What Mary Poppins Can Teach Parents

What Mary Poppins Can Teach Parents - Parenting Like Hannah

Photo by Ross Hawkes

One of my favorite movies is Mary Poppins. With all the sliding down banisters, jumping in chalk drawings, cleaning rooms with a snap of the fingers and tea parties on the ceiling, it is easy to entirely miss the point of the story. You see Mary Poppins isn’t really about Mary at all. It is about two parents who are so caught up in their own lives, they have almost forgotten they are raising two sweet, very lonely children. Sound familiar?

My heart breaks as I meet child after child desperate for some positive, meaningful interaction with an adult. Their parents are often delightful people and may even be faithful Christians. They are great parents by the world’s standards. Their children are well-dressed, clean, well-fed, educated and in a variety of societally approved activities. Yet, these wonderful parents are so busy with their careers, charity work, errands and even running the kids to various activities, that they barely know their precious little ones.

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Asking Your Child For Forgiveness

Asking Your Child for Forgiveness - Parenting Like Hannah

Photo by hang_in_there

For many parents, the concept of asking your child for forgiveness just sounds wrong. Why would you apologize to your child? Wouldn’t that give your child the upper hand? Or did I really mean the sarcastic “I’m sorry you don’t like it, but that’s the way it is”, faux apology?

One of the biggest building blocks of the Christian faith is forgiveness. Remember the parable of the servants who owed debts? One owed an unbelievable amount of money to his “boss”. He couldn’t repay it and his master was ready to throw him in prison. After much begging, the master not only relented, but forgave the man’s entire debt. So what did the servant do? He turned right around and threatened someone who owed him a very small amount of money with jail. In spite of the guy’s pleas, the servant was unrelenting. When the master discovered what had happened, he was furious.

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Putting It All on the Line for God

Putting It All on the Line for God - Parenting Like HannahLet’s face it. To dedicate your children to God means you have to be radically different from the people in your community. Sadly, you may very well have to be willing to be radically different from the people in your Church. The very idea of standing out from the crowd and perhaps even challenging the crowd, makes most Christians settle for living a life that is ordinary.

Somewhere along the line, we have lost the willingness to be different and put everything on the line for God. We are afraid of being teased, unpopular or having people gossip about our unusual behavior and choices. Frankly, I am not even sure we would know what putting everything on the line for God would look like in our comfortable American lives.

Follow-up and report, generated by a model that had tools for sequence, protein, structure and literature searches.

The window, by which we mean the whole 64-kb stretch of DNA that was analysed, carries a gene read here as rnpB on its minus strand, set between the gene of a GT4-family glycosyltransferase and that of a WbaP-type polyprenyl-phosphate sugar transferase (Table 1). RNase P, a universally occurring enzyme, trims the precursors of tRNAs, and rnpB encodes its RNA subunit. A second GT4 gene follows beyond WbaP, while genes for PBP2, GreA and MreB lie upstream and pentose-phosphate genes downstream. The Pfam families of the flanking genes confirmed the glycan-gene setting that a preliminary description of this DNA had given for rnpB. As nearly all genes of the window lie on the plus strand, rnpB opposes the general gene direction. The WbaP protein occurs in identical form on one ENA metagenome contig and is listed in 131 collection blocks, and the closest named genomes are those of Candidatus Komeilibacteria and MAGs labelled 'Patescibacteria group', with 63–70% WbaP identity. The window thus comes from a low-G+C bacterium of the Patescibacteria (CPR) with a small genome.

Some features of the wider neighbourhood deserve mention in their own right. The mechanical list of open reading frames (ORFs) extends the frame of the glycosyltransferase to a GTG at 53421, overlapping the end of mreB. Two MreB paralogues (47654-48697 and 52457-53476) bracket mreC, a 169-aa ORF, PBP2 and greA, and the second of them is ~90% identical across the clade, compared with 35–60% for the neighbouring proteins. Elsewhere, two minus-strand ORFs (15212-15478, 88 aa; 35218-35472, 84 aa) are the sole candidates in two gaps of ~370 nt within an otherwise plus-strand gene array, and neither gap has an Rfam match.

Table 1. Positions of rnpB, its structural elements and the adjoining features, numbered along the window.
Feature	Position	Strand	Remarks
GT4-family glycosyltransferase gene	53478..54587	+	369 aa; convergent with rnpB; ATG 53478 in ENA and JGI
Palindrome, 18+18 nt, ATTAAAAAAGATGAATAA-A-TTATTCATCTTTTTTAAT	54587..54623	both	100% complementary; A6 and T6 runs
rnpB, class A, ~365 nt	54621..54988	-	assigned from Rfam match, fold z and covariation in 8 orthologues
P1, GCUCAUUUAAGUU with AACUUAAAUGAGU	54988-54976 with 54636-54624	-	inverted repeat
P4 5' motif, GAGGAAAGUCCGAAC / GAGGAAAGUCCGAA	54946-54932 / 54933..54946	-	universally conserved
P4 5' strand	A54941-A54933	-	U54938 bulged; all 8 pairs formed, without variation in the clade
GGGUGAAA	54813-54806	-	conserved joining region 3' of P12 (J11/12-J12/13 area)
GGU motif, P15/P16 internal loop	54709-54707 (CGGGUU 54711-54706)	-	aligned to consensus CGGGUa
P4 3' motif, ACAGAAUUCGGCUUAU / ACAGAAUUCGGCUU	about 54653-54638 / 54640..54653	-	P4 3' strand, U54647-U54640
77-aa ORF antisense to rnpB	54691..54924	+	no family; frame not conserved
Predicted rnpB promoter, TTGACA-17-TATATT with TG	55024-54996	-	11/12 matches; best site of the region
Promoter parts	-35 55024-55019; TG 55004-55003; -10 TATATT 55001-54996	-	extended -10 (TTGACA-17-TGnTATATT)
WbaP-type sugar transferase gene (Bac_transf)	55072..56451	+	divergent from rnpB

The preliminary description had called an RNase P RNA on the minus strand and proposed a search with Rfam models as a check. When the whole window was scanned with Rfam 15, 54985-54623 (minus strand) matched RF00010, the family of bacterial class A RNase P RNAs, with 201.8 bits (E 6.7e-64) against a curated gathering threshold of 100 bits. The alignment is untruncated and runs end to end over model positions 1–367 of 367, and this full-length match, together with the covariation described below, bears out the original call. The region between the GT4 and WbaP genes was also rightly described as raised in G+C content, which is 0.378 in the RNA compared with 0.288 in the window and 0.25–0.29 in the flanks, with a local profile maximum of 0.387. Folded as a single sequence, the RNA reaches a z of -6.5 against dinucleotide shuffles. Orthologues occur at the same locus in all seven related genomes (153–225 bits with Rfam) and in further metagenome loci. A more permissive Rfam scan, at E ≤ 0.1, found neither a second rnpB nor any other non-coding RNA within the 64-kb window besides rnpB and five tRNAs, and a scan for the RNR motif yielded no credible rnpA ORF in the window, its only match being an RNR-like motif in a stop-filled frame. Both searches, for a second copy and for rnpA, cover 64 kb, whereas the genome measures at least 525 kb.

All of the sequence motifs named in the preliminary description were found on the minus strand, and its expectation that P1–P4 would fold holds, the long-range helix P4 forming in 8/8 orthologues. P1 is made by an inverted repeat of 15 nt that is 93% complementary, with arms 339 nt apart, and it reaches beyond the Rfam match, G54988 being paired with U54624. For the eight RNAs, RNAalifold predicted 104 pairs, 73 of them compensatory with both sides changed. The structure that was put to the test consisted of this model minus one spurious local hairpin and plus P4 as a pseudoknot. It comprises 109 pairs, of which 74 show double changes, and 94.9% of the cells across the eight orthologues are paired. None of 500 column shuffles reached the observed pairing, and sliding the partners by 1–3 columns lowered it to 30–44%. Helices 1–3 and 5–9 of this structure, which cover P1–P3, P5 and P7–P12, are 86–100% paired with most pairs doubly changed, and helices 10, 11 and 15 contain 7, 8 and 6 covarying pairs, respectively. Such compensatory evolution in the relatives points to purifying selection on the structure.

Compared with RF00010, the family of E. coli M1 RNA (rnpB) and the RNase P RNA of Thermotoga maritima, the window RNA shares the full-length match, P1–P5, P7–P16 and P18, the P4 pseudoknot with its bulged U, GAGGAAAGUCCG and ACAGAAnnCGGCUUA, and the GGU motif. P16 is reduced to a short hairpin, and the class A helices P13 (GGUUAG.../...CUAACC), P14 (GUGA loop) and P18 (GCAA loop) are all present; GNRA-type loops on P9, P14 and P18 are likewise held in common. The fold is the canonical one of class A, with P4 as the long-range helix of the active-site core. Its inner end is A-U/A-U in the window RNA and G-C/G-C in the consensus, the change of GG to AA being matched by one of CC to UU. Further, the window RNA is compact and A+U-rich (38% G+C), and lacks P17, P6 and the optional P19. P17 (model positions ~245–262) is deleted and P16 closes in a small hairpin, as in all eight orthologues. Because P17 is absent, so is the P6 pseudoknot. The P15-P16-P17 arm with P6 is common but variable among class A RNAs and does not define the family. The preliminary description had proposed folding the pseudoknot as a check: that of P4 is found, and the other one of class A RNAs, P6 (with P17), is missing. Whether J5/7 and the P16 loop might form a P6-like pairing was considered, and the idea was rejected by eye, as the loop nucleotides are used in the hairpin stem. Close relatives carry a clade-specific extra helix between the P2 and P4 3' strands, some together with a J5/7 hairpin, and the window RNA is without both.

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Why Your Kids Need to Spend Time with People Who Love God

Why Your Kids Need to Spend Time With People Who Love God - Parenting Like HannahIf you are following the 12 month challenge to teach our children to live like Jesus, March is about having our children spend time with people who love Jesus. Sounds a little silly. After all, your home is probably filled with Christians and you most likely attend Church at least once a week. Getting your kids to read the Bible and pray on their own was a challenge, but this month your family can phone it in. Or can you?

Over the years, I have heard the same story over and over again. Parents whose children either no longer attend church or go somewhere the parents believe is teaching error because that is where their children’s friends are. Usually, if I ask a few more questions it turns out the child never made friends at Church and the school friends are the ones pulling their child either away from God or at least in a direction the parent is uncomfortable with on some level.

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More Resources for Parents with Teens in the Dating Years

More Resources for Parents with Teens in the Dating Years - Parenting Like Hannah

Photo by mozzercork

Parenting teens is hard. Part of you is proud of the adults they are becoming. The other part of you is terrified of the adults they are becoming. Not because they are necessarily doing anything wrong. Being a teenager just looks really different from the parental perspective. We thought we were so grown when we took on adult tasks like driving. Now as the parent of a teen the same age, we become almost panicky at the idea of our “baby” driving that huge hunk of metal!

The same goes for dating. We thought we were absolutely ready for the challenges dating presented. Now, older and wiser, we know all of the things we were totally not prepared for when it came to relationships. The idea of our kids dating is terrifying. We know every bad thing that ever happened in a dating relationship and we want to make sure none of those things happen to our kids.

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Fix these words of mine in your hearts and minds; tie them as symbols on your hands and bind them on your foreheads. Teach them to your children, talking about them when you sit at home and when you walk along the road, when you lie down and when you get up. (Deuteronomy 11:18-19 NIV)